Then it’s a good thing to scrap them?

It would be fine if all those low earners and families struggling to get by would be given support in place of tax credits – a living wage, for example.

And that’s why the Tories are introducing a living wage...

That’s what they call it. But it’s not. The Chancellor announced in his most recent Budget a new minimum wage of £7.20 an hour for over-25s, rising to £9 by 2020. He called this the “national living wage” – it’s not, because the current living wage (which is calculated by the Living Wage Foundation, and currently non-compulsory) is already £9.15 in London and £7.85 in the rest of the country.

Will people be better off?

No. Quite the reverse. The IFS has said this slightly higher national minimum wage will not compensate working families who will be subjected to tax credit cuts; it is arithmetically impossible. The IFS director, Paul Johnson, commented: “Unequivocally, tax credit recipients in work will be made worse off by the measures in the Budget on average.” It has been calculated that 3.2m low-paid workers will have their pay packets cut by an average of £1,350 a year.

Could the government change its policy to avoid this?

The Prime Minister and his frontbenchers have been pretty stubborn about pushing on with the plan. In spite of criticism from all angles – the IFS, campaigners, Labour, The Sun – Cameron has ruled out a review of the policy in the Autumn Statement, which is on 25 November. But there is an alternative. The chair of parliament’s Work & Pensions Select Committee and Labour MP Frank Field has proposed what he calls a “cost neutral” tweak to the tax credit cuts.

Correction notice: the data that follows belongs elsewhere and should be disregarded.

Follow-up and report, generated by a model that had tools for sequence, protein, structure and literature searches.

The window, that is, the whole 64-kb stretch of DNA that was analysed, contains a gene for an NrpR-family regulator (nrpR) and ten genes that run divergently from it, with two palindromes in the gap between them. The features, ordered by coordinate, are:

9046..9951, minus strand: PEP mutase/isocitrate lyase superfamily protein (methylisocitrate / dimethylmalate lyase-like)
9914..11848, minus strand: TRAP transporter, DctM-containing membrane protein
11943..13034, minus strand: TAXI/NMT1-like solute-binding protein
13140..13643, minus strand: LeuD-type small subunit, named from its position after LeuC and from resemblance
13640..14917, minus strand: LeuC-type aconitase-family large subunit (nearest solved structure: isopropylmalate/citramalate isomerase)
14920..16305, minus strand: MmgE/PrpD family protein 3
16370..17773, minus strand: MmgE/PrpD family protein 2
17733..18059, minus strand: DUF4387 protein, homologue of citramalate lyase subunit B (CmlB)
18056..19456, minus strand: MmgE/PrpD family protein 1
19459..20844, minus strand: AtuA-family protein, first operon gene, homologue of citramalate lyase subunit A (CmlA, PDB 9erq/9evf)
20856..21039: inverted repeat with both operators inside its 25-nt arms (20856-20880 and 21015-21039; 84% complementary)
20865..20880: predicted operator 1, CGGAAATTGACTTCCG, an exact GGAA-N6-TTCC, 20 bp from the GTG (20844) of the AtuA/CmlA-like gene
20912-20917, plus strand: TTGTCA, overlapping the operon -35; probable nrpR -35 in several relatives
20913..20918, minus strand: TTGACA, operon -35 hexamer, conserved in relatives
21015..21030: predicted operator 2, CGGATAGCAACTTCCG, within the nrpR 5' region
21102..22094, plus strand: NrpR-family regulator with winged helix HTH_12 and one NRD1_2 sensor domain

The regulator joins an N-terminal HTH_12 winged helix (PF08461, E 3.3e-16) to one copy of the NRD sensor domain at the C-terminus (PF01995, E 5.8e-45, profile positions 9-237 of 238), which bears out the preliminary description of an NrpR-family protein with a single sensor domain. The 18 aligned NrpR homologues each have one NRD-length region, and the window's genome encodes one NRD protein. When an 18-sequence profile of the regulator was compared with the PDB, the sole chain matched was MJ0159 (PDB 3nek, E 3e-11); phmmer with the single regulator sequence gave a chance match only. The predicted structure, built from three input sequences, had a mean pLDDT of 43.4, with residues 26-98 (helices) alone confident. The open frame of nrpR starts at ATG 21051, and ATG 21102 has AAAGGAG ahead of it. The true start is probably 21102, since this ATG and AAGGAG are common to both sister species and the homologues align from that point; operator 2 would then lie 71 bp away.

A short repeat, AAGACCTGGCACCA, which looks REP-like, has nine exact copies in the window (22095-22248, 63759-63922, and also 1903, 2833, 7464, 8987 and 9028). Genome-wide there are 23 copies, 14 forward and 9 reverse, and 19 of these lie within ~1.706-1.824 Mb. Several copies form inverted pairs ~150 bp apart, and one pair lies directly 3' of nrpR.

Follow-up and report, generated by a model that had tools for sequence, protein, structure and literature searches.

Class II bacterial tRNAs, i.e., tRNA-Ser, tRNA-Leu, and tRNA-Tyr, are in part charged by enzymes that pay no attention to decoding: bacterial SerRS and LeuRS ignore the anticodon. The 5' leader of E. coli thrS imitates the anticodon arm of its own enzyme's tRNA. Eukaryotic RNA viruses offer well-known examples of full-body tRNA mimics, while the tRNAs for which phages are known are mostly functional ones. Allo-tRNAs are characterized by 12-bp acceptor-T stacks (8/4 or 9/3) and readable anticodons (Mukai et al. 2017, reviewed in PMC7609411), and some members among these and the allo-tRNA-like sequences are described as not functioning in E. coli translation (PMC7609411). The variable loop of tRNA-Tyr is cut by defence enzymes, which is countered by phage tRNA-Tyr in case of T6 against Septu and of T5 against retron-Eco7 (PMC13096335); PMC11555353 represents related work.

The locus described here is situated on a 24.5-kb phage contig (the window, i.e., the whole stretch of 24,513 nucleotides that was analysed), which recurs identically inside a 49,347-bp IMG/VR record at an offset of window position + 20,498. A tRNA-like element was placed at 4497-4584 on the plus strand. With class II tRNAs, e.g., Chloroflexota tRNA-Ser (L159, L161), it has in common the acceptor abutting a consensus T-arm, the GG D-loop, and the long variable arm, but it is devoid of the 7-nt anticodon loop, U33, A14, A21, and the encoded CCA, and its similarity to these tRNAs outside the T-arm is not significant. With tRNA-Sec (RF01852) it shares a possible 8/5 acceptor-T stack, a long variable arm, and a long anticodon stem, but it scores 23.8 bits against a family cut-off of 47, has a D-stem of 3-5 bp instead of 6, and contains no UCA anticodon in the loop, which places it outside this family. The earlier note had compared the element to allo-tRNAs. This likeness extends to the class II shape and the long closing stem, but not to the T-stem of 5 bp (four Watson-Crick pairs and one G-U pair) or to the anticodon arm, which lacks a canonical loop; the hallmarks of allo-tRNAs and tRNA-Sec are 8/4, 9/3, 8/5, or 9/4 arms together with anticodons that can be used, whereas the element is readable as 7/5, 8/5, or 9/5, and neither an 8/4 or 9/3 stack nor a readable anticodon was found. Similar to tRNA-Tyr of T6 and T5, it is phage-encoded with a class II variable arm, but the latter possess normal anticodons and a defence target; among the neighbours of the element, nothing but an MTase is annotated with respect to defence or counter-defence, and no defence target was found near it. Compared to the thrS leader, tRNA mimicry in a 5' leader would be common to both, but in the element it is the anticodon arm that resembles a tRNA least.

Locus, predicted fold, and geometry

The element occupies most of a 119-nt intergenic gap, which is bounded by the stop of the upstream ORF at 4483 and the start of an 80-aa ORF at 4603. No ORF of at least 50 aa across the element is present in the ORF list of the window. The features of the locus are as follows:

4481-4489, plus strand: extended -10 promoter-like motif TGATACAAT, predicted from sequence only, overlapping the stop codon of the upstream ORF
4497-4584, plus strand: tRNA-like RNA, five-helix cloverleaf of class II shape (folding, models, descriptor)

How would this alternative work?

Currently, if your income is less than £6,420, you will receive the maximum amount of tax credits. That threshold is called the gross income threshold. Field wants to introduce a second gross income threshold of £13,100 (what you earn if you work 35 hours a week on minimum wage). Those earning a salary between those two thresholds would have their tax credits reduced at a slower rate on whatever they earn above £6,420 up to £13,100. The percentage of what you earn above the basic threshold that is deducted from your tax credits is called the taper rate, and it is currently at 41 per cent. In contrast to this plan, the Tories want to halve the income threshold to £3,850 a year and increase the taper rate to 48 per cent once you hit that threshold, which basically means you lose more tax credits, faster, the more you earn.

When will the tax credit cuts come in?

They will be imposed from April next year, barring a u-turn.

Anoosh Chakelian is deputy web editor at the New Statesman.